I am concerned after reading these tweets from Felix Geiringer. https://twitter.com/barristernz

    While on the topic of last minute inclusions in H&S legislation, has notice it includes changes to genetic modified organism regulation?

    Why does the Government need to broaden its powers, for instance, to declare GMO’s exempt from regulation as part of H&S reform?

    By SOP, the Govt has decided to completed replace the regulatory powers in HSNO, and not just those relating to hazardous substances.

    Seriously, can anyone explain why health and safety reform requires new powers to exempt genetically modified organisms from regulation?

    • save NZ 6.1

      @ Tautoko +1
      Scary stuff.

    • I think both the secret trials and the exemptions for GMO’s are in anticipation of this event;
      Little Shop of Horrors pic

    • jenny kirk 6.3

      Tautoko MM – this somehow connects to the Govt putting into its proposal for a National Environment Standard on Plantation Forestry a last-minute clause (6.4) which expecifically includes a provision permitting forest to use genetically modified tree stock – and over-rides local council restrictions on the release of GMOs.

      I agree – SaveNZ – this is really scarey.

      The Govt is determined to allow genetically modified tree stock into the forests throughout NZ – and not just pine forests, it could also occur with native trees and other plants.

  7. Charles 7

    When their malice is obstructed, they become stupid.

  8. North 8

    That’s a beauty Charles – “When their malice is obstructed…..”

  9. save NZ 9

    Ah, just idle chit chat. And not the first time urgent human rights and individual liberty has been breached. Law Society show some teeth!

    As the phrase goes “Government contempt too overwhelming to ignore” and now targeting the Law Society…

    Security Intelligence Service (SIS) Minister Chris Finlayson has apologised for dismissing Parliament’s select committee process as “chit chat”.
    Mr Finlayson says as soon as he said it he knew it was “uncharacteristically flippant”.
    “It’s certainly not chit chat and I apologise,” he says.
    The apology followed comments he made about public submissions on the controversial Countering Terrorist Fighters Legislation Bill.
    “The interview was at 10 past six and I’d just awoken from my slumbers,” says Mr Finlayson.
    The legislation would allow the SIS to conduct surveillance on private properties without a warrant for up to 48 hours.
    It would also allow the Minister of Internal Affairs to temporarily suspend or cancel passports as part of the Government’s response to stopping New Zealanders from joining radical militant groups like Islamic State.
    The rushing of the bill came with a warning from former Prime Minister Sir Geoffrey Palmer.

    “Some of the provisions in the bill substantially interfere with, and reduce human rights and individual liberty,” he says.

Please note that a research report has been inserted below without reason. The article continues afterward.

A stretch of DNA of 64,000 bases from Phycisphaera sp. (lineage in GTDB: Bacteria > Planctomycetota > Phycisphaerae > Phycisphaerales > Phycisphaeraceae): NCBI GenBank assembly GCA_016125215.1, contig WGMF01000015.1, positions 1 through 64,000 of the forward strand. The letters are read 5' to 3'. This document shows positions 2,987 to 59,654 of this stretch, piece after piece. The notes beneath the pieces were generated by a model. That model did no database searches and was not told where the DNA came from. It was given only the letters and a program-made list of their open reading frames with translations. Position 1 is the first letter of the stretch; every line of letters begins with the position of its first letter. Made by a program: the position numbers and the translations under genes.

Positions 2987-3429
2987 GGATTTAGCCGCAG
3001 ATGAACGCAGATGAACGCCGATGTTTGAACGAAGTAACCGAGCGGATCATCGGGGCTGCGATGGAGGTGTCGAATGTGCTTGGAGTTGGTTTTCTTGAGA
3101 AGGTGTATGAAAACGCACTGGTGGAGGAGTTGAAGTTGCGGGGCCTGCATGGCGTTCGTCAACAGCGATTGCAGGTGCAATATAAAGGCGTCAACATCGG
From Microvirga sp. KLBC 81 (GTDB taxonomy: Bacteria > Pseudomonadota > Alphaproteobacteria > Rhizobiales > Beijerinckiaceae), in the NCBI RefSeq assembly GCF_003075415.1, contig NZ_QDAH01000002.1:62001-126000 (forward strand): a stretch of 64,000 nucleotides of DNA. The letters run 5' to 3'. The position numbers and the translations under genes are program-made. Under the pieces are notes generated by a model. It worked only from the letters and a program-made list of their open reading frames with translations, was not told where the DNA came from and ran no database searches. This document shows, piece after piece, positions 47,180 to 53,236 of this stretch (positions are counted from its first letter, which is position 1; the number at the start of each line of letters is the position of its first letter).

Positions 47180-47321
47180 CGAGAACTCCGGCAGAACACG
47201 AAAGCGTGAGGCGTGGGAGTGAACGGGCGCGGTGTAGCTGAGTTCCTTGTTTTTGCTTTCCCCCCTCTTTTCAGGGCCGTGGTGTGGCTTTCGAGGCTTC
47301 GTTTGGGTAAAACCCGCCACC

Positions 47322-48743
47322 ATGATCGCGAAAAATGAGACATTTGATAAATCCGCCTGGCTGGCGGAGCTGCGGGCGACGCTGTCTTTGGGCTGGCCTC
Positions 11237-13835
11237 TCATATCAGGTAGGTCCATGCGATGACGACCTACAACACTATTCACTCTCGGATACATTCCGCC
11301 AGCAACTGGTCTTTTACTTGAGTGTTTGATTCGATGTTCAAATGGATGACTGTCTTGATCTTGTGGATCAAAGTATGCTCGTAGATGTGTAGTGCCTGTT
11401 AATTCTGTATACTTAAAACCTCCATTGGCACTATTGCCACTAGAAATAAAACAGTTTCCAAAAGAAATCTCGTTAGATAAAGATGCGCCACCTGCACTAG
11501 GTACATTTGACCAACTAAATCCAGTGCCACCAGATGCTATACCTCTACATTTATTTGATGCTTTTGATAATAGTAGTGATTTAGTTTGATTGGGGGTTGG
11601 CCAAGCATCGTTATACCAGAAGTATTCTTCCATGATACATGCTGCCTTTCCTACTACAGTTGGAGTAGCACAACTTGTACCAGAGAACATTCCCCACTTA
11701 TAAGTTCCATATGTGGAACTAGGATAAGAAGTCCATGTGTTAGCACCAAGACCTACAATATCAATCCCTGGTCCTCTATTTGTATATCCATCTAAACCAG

10. John 10

    This is the same Finlayson who to date has failed to investigate the solicitor general Heron for failing to investigate a crown solicitor who stated to a high court and a employment court that he had disclosed 150 documents to the defence and maintained this stance for the last 6 years, only to have the police admit in November 2014 that the documents have never existed. This is the same Finlayson who made many public statements about the crown prosecutor who failed to disclose on documents for the john Banks saga but is happily covering up for corrupt crown law.

  11. adam 11

    Wow, Finlayson reached for the Godwin card, before anyone had played it. Is he worried about something?

    • tc 11.1

      Nigel no mates has plenty to worry about as one of the heavy lifters in keys wrecking crew.

      His legacy will follow him around long after he’s lost his access to the beehive esepcially the way he craps all over his own profession.

  12. Tanz 12

    Has anyone noticed, in the background, the poster for Gaylene Preston’s debut feature film, Mr Wrong? (can see part of, only)..just a bit of useless info…)…

  13. Enough 13

    “Crypto” Fascist? There’s nothing hidden or secret about that descriptor when applied to Finlayson, whose irascibility makes even Groser’s intemperance pale.
    In long-gone schooldays, as part of a large, peripatetic family and in consequence a recurrent new-boy, self-preservation demanded I became adept at quickly assessing my new classmates characters. Physiognomy proved a useful tool in the process. The current National Cabinet cabal are proof positive of the effectiveness of that ancient art. But who is Bully, which one Creepy, Bessie, Bunter, Sneaky, Shifty, Sniveller, Teachers’ Pet or the Wee Fragile Fellow? Ad hominem? Yes. Ashamed? No.

  14. Gordon 14

    Free,hand of the market guided by a defunct lawyer and money trader.Bill of rights etc. Roll on magna Carta.

  15. Gordon 15

    Another example of arrogance from someone that should know better but commensurate with the sayings of a defunct lawyer and defunct money trader. Not exactly the top of their professions.

  16. Trevor Mills 16

    Another typical act of incompetent blatancy and denial along with blaming everyone else at being wrong. What more can we expect from a political pack of corrupt liars with no decorum or respect for themselves, let alone anyone else.
    Palma non sine pulvere.

  17. sirpat 17

    so the question gotta be……………..wtf is one to do about it???????

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    2 weeks ago